Lessons learned at Ultra Music Festival
Miami Beach won’t be hosting Ultra Music Festival next year.
City commissioners rejected a proposal to start discussions with festival organizers about bringing the three-day electronic dance music event to South Beach in March 2020.
The idea — which Commissioner Ricky Arriola suggested as a way to make spring break festivities better organized and more profitable — sparked a strong response from residents, who lined up to speak at the commission meeting Wednesday night and flooded elected officials with emails.
“Adding the drug infested, ear splitting chaos known as the Ultra Music Festival to Miami Beach at March Break would be pure insanity,” resident Laura Jamieson wrote Beach commissioners under the subject line “Ultra Insane.”
But other residents said they thought Ultra could fix the city’s spring break tourism woes and that Miami Beach should at least entertain the idea.
“We came here because South Beach is cool,” Jonathan Welsh told the commission. “I say let’s give Ultra a chance. Why? Because everybody deserves a conversation at the table.”
The one thing Miami Beach residents agreed on, however, was that they didn’t want a repeat of spring break 2019.
As thousands of young people poured into the South Beach entertainment district in March, residents complained about an out-of-control party atmosphere. Videos of young people fighting on the beach and on city streets made international news. A tourist flew out of the car window and got run over on her way to the airport. Police officers were injured. Traffic ground to a halt as police deployed license plate readers to scan cars coming across the causeways.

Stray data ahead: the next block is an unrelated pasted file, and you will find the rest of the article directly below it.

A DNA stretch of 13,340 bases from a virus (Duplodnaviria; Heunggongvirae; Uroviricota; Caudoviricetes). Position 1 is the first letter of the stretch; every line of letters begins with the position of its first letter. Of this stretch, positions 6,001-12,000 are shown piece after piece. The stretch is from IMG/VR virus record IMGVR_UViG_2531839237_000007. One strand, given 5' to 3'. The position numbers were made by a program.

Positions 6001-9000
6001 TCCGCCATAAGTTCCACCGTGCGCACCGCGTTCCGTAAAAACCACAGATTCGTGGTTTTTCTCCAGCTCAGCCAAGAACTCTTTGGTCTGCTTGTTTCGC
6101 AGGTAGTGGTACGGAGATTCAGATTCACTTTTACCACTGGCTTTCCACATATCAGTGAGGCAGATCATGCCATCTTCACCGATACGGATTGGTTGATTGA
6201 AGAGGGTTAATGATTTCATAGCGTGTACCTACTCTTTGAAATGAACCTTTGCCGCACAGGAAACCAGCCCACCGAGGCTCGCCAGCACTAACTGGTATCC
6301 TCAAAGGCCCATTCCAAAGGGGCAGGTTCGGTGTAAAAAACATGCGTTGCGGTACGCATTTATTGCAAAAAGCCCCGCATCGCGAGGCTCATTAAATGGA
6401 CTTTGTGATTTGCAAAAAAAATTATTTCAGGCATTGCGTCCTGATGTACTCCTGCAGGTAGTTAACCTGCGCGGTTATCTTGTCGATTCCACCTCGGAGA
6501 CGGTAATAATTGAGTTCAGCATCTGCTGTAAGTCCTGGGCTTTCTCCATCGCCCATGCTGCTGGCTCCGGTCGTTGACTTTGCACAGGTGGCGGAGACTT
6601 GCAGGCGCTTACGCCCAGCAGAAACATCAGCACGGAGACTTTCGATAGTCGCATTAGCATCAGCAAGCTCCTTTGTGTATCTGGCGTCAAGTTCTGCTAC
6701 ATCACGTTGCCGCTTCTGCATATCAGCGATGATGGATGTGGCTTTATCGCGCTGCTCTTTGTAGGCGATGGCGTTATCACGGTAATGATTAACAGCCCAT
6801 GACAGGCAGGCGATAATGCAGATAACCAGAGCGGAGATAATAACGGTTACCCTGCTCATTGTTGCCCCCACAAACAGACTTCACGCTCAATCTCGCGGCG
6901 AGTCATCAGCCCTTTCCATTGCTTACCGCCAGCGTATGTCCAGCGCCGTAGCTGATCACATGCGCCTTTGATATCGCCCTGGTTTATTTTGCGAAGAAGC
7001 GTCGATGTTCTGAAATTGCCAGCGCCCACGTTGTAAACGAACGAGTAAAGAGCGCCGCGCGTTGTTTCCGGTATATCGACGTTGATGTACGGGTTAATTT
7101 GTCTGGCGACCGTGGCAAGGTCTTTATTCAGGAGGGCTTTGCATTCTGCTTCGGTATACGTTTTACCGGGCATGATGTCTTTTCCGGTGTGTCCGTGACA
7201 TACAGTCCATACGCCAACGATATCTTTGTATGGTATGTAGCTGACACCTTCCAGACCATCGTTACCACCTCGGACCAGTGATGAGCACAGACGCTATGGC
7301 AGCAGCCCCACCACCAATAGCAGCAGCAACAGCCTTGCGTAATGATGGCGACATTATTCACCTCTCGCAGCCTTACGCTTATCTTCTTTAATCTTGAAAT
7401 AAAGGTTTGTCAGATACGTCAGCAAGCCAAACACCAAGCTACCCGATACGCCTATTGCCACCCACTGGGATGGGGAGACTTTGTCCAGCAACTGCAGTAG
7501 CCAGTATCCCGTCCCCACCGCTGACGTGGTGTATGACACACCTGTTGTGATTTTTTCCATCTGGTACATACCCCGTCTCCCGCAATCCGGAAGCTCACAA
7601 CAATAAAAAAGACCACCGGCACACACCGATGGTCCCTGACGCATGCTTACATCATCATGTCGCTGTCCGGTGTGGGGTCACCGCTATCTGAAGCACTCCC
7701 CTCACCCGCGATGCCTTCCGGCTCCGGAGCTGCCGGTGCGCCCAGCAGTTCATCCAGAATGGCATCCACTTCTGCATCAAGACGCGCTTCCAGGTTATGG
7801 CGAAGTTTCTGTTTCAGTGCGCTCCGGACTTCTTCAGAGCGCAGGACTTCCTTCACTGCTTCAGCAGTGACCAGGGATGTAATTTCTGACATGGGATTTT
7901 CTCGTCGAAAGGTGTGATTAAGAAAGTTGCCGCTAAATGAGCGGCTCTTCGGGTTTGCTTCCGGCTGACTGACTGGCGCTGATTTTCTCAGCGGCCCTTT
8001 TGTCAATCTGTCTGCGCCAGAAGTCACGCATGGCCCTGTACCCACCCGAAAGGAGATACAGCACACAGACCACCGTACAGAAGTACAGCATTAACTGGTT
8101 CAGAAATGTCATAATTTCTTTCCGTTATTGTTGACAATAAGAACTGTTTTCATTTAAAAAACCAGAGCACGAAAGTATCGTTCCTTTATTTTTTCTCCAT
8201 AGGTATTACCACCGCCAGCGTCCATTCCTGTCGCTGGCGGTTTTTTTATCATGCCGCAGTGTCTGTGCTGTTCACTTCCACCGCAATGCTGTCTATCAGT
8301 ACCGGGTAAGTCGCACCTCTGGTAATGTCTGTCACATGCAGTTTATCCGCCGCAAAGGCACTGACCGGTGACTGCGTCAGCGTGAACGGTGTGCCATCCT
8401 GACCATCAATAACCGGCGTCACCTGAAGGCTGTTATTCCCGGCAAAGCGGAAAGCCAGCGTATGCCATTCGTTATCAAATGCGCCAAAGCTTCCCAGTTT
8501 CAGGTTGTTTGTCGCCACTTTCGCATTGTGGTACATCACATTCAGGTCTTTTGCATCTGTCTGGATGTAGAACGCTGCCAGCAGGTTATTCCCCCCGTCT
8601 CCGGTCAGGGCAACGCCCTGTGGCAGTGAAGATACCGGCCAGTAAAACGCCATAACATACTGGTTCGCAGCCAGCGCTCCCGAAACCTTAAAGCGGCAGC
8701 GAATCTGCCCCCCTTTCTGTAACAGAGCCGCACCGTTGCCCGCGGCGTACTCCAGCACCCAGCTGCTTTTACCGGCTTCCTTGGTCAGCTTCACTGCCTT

“This is about spring break. We’ve got a crisis here,” Arriola said Wednesday night. “Programming has worked very well for us in the instances in which we have done it.”
The idea of bringing Ultra to the Beach was defeated 5 to 2 with several commissioners saying they worried the festival would only contribute to the crowd control issues.
“I’m very wary that this will address the problem,” said Commissioner Mark Samuelian. “In fact, I think it could make it worse.”
Ultra, which drew more than 55,000 people this year, is looking for a new home. Festival organizers voluntarily terminated their licensing agreement with the city of Miami earlier this month amid complaints about noise and losing access to Bayfront Park.
Ultra was held on Virginia Key this year, but transportation problems stranded concertgoers for hours and nearby residents complained about the loud music and traffic congestion. The festival started in Miami Beach in 1999 before moving to the downtown Miami waterfront for nearly two decades. Ultra was kicked out of Bayfront Park last year due in part to resident complaints.
Local business associations enthusiastically embraced the idea of bringing Ultra to Miami Beach. Some local businesses said their sales were down this year over spring break amid the crowd control problems. An economic impact study commissioned by Ultra says the festival generated $28 million in revenue in Miami-Dade County in 2018 and had a total economic impact of $168 million.
Ceci Velasco, the executive director of the Ocean Drive Business Association, said in a text message that Ultra would be “an asset to our community.” Wendy Kallergis, president of the Greater Miami & the Beaches Hotel Association, sent a letter to Arriola saying that the hotel association is supportive of the idea because the festival generates “a major positive economic impact” in the area.